Wednesday, September 13, 2006
Why I love Apple:
"The surprise came in the form of a preview of an unfinished product: The iTV, a small, sleek box that will let people wirelessly move digital movies, TV shows, music videos and photos from personal computers to big-screen televisions.
'I hope that gives you a little bit of an idea of where we are going,' Jobs concluded after talking for about an hour.
Jobs called the iTV 'the missing piece,' and marks the clearest signal how Apple plans to leverage the success of content through iTunes (more than 1.5 billion songs have been downloaded and 220 television shows are available) and the broad appeal of the iPod (more than 60 million have been sold) to stake its claim in your living room. Jobs said the iTV will be available in early 2007 for $299.........
Tim Bajarin, president of Creative Strategies, noted that Apple's new device will let people move videos from their computers to their televisions using only six buttons -- versus the 56 needed for the Windows XP Media Center, which was released almost two years ago with similar ambitions to be a hub for home entertainment."
Is this the beginning of the end of Satellite Television and media monopoly? I think so.
Monday, September 11, 2006
Two years ago, when I reached Pushkar, Rajasthan on the first day of the Camel Fair, I was stunned by its grandeur and beauty. What also surprised me was the fact that there were barely any Indian tourists. Of course, everyone from the neighboring towns in Rajasthan was there, including the pilgrims who had come to visit the only Brahma temple in the world.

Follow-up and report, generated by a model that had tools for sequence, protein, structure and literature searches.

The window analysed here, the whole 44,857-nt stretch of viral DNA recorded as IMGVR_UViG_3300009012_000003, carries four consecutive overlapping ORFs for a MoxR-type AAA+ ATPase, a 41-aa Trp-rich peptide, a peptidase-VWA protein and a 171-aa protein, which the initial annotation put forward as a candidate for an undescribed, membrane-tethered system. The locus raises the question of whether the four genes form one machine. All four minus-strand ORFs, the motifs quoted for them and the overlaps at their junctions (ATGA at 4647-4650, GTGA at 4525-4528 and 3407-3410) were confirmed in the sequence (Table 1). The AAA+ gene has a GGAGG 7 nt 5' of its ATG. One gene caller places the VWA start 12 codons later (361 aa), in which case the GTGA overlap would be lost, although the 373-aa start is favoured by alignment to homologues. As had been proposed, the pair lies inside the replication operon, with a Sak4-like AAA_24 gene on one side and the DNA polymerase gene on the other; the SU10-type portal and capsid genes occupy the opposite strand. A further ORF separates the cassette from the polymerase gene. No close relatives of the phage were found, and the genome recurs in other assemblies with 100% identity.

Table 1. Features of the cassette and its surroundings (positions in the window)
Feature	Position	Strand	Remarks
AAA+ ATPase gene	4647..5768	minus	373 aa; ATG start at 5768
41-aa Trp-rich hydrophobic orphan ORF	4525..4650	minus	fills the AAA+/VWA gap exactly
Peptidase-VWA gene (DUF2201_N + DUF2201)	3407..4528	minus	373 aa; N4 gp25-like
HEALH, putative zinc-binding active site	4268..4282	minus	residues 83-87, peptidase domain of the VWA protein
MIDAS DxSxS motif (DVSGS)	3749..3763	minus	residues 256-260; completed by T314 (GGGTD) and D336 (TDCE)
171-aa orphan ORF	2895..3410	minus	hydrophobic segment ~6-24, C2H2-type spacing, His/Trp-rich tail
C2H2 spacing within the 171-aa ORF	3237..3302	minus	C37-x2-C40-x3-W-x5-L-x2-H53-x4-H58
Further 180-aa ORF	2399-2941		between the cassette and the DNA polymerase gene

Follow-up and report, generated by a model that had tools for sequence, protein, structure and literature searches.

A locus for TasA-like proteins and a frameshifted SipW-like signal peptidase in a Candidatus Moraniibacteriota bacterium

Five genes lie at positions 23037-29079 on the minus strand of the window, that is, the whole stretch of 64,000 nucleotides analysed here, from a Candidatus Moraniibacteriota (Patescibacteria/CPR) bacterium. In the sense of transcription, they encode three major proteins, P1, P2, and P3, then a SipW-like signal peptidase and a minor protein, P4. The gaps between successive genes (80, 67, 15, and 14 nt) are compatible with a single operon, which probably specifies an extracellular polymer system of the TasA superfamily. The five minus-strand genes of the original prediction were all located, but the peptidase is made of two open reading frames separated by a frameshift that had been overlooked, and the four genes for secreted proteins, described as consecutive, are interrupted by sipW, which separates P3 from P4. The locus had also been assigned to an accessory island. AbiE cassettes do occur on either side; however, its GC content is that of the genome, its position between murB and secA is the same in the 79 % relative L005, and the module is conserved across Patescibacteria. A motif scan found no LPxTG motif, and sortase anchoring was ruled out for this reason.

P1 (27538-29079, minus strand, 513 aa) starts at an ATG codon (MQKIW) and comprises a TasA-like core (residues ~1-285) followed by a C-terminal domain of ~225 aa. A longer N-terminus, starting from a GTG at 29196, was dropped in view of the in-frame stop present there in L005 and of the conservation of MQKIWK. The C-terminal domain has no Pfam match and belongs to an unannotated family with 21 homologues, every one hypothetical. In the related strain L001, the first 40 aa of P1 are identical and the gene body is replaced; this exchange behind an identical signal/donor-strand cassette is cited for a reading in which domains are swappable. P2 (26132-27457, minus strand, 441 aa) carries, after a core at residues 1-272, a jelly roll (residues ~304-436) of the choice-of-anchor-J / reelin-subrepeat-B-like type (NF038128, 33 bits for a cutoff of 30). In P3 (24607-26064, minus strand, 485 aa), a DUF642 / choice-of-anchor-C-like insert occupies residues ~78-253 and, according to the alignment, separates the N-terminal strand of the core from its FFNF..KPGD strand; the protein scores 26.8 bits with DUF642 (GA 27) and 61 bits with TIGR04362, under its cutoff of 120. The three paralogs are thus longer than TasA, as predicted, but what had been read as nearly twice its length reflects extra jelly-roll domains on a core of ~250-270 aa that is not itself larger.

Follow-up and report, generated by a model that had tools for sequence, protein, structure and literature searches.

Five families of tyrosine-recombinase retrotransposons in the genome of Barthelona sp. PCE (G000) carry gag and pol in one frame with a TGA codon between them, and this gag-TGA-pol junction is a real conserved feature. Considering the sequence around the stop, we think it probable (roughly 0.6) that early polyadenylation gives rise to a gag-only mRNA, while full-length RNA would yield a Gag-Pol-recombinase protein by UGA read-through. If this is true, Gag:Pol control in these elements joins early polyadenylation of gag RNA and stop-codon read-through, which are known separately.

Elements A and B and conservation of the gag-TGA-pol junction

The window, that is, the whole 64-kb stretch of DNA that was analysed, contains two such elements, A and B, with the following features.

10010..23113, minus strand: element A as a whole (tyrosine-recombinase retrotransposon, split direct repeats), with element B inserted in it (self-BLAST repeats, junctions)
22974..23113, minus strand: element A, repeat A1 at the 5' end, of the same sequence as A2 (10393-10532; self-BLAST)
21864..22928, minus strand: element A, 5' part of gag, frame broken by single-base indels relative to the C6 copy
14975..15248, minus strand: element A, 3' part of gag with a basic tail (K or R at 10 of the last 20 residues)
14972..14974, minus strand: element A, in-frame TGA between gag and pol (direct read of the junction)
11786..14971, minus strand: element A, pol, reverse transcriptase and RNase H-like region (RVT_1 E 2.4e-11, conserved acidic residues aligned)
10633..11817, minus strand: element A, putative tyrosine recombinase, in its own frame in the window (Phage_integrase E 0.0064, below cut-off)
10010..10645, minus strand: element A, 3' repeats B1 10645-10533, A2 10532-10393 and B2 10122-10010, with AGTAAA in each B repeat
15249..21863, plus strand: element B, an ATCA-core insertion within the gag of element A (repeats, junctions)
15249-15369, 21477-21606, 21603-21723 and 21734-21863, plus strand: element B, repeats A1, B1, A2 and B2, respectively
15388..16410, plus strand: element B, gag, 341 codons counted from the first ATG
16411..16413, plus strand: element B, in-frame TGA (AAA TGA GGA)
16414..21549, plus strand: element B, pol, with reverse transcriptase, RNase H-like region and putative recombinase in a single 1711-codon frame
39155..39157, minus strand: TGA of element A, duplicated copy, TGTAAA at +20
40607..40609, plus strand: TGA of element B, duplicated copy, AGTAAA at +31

The small quiet town had literally transformed itself into one giant… eh… fair… with about 50000 camels, equal number of horses and ten times more people. It was also a perfect opportunity for photographers, filmmakers and journalists, with all the Rajasthani colors and flavors, and the full moon night when the pilgrims take bath in the holy lake.
This year, the dates are from Nov 2nd-6th, and I am planning a second trip. It’s hard not to, if I am in the country. Drop a word if you are reading this, and plan to be there. We could sit and chat by in the havelis and down a glass of bhang lassi one of the nights. ;)
Last time, I created several video blogs to give an idea of the atmosphere. One of them won the leaderboard in Current TV recently. You will find more in my video blog.
Sunday, September 10, 2006
Till now relatively unknown, Machinima films have been coming to fore for the last few months, specially after the sudden mushroom cloud of online video sites started spreading in the blogosphere. From the (semi) official website,
"As you probably learned before, machinima is filmmaking in a virtual environment. To clear things up, let's talk a bit more in detail about how machinima movies can actually be produced and what ways there are to do machinima.
Generally speaking, there a two main ways to produce a machinima movie:
This way of making machinima is easy to learn and feels close to "real-life" filmmaking. It has room for spontaneity and improvisation and adds that human touch to the behaviour of your actors."
Live Action MachinimaThe action takes place in a networked computer game, mainly using a FPS game. Every player controls a virtual character via mouse and keyboard commands.
Each actor uses a headset with a microphone to perform dialogue, if there is any. Though, sometimes the dialogue is added later in "Postproduction".
One of the players is serving as the cameraman/-woman. His/her point of view is recorded to tape (or harddisk) and represents the "film-footage".
Most of the time, the settings and characters are taken from the game that's being used for filming.
A highly recommended one is Red Vs. Blue series, which is a must watch. I have been trying to figure out if I could create Machinima films using my Mac laptop, but am yet to find the right gaming engine for it. One day...